And there are many limitations and gaps in these types of studies. Livestock, for example, is under-represented here, as are minor and orphan crops. (I’ve been told I have to call these ‘nutrient-dense, climate-resilient future crops’ to be politically correct now.) And there is a large omission, now starting to be corrected, of investigating the nutritional aspects of foodstuffs as a function of climate change. And there is starting to be some recognition of value chains.

There is almost total absence of understanding of the social norms and institutional arrangements that determine how individuals and villages and broader communities respond to climate change.

The stability dimension of food security, which is really crucial, is much, much less known and much, much less studied than the availability and access dimensions of food security, which focus on yield and which got critiqued severely by this morning’s first speaker (Stefan Dercon).

These gaps often align with the concerns of poor people and of less developed nations. So the biggest gaps are where we actually have the biggest problems. Which means we’re actually not well positioned as a science community to inform many of the discussions and decisions. My assessment is that the likelihood of rapidly closing those gaps is small, due lack of funds and interest and also lack of human resources.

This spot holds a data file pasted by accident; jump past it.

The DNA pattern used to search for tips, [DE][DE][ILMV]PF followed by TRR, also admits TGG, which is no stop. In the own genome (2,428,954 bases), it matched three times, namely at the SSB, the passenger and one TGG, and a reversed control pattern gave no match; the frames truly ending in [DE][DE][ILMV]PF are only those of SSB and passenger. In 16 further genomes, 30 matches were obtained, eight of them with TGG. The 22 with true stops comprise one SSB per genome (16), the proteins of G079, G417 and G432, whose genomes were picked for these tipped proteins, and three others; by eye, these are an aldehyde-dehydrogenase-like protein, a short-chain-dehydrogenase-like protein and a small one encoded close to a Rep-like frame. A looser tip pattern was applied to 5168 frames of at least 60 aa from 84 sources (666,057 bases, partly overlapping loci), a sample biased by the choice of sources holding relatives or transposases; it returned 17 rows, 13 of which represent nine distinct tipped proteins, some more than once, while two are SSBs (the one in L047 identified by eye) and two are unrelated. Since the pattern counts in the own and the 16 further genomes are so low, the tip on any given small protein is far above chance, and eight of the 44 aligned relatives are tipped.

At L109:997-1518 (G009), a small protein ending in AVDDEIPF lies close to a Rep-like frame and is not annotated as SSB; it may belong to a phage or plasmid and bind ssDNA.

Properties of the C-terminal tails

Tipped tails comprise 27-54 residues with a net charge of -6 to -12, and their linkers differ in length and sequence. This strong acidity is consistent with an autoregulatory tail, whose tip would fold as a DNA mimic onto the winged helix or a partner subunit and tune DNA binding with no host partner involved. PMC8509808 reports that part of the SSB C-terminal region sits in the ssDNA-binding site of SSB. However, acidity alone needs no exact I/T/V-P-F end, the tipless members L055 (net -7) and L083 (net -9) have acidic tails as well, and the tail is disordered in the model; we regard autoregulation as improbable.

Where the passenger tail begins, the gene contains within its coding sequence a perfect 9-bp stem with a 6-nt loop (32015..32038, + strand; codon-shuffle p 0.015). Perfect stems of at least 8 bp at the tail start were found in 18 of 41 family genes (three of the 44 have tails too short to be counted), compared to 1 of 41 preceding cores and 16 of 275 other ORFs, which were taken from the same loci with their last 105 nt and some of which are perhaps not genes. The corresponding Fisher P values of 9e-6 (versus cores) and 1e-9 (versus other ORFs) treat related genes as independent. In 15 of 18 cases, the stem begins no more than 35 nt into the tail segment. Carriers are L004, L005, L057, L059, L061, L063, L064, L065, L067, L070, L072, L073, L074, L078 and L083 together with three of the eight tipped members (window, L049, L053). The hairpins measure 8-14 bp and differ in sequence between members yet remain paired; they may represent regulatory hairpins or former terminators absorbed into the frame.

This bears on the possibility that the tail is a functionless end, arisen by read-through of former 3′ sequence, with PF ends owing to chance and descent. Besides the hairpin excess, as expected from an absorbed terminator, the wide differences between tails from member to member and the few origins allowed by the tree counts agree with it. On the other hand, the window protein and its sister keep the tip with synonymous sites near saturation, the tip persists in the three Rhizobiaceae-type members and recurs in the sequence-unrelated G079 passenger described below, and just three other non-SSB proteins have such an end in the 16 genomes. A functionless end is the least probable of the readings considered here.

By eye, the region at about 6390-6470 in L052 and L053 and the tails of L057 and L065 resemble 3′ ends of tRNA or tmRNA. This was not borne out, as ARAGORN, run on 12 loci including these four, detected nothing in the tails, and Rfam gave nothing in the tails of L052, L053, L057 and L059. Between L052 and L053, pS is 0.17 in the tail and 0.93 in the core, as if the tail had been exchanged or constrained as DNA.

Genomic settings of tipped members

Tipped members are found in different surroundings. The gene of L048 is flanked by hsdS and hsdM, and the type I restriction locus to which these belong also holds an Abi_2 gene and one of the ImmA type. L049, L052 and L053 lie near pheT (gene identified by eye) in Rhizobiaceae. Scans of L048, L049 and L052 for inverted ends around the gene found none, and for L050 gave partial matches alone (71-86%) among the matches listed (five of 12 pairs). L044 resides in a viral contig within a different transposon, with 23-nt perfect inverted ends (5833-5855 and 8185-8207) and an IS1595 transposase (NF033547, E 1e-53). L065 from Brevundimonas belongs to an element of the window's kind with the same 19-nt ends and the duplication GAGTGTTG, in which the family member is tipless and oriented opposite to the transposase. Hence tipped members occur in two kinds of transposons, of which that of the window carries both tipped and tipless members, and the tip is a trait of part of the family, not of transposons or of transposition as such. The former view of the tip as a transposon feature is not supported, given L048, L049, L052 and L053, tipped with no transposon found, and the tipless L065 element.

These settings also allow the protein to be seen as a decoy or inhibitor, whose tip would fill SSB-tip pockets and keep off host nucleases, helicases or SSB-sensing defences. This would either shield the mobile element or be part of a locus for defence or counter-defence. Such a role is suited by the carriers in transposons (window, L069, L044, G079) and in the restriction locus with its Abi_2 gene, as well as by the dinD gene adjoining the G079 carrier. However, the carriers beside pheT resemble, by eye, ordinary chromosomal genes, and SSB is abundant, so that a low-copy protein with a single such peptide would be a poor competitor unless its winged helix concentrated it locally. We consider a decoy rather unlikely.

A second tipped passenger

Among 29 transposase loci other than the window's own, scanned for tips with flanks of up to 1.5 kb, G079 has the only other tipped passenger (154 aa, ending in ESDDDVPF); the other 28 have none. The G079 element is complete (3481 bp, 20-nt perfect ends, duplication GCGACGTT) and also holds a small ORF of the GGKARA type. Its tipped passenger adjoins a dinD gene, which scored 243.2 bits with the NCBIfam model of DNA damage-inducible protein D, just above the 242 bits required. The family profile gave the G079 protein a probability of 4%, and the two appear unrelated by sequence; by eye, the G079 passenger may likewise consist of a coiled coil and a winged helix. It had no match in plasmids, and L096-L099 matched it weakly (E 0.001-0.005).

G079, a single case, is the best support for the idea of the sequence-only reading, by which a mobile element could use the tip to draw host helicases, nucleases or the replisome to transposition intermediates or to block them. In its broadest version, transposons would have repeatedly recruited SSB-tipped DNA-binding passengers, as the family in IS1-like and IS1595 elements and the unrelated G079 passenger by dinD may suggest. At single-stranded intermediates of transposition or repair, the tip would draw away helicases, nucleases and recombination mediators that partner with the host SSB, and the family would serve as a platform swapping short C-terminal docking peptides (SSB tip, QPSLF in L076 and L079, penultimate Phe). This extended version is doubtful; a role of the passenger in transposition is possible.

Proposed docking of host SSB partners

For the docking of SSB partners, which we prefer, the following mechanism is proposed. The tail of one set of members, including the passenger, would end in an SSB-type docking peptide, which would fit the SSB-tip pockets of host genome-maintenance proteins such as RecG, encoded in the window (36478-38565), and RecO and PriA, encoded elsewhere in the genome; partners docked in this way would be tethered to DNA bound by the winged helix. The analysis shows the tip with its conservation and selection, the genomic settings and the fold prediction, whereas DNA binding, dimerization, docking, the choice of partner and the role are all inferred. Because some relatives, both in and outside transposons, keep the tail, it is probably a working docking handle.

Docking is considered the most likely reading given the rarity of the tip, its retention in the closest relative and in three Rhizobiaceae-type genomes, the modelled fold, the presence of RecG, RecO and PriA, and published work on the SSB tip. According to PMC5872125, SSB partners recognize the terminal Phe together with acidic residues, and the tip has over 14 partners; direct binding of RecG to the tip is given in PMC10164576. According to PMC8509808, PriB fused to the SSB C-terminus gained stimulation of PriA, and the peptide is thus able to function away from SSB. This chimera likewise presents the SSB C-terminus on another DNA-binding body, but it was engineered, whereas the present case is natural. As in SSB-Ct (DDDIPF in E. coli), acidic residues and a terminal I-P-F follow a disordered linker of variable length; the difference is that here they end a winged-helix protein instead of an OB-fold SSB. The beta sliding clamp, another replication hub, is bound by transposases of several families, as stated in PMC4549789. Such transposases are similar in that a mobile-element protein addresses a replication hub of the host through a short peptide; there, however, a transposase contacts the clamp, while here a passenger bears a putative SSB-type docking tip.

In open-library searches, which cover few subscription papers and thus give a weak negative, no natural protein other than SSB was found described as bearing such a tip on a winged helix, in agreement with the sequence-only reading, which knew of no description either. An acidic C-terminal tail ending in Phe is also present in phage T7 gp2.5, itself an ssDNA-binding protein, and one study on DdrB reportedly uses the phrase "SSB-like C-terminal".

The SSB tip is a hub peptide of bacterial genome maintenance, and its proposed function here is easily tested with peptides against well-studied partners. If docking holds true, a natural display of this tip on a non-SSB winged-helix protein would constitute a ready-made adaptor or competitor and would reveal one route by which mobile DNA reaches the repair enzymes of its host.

Often what we’re trying to do here is to take research to an operational level, so that, for example, people will make different decisions on the basis of the research we do. A recent paper by Lacey et al. looked at this and compared what we do in climate adaptation work with, say, what’s done in the health sector. In the health sector, there are well-established ways of moving from clinical research to assessing treatment effectiveness to rolling out widespread medical care among members of a community.

As we read down the list in this slide from top to the bottom, we see that there are different types of research, different types of science and different types of methods. There are also different institutions. Each of the transitions between each of these boxes has distinct institutional arrangements that manage the transition of that information to safeguard the people we intend to help.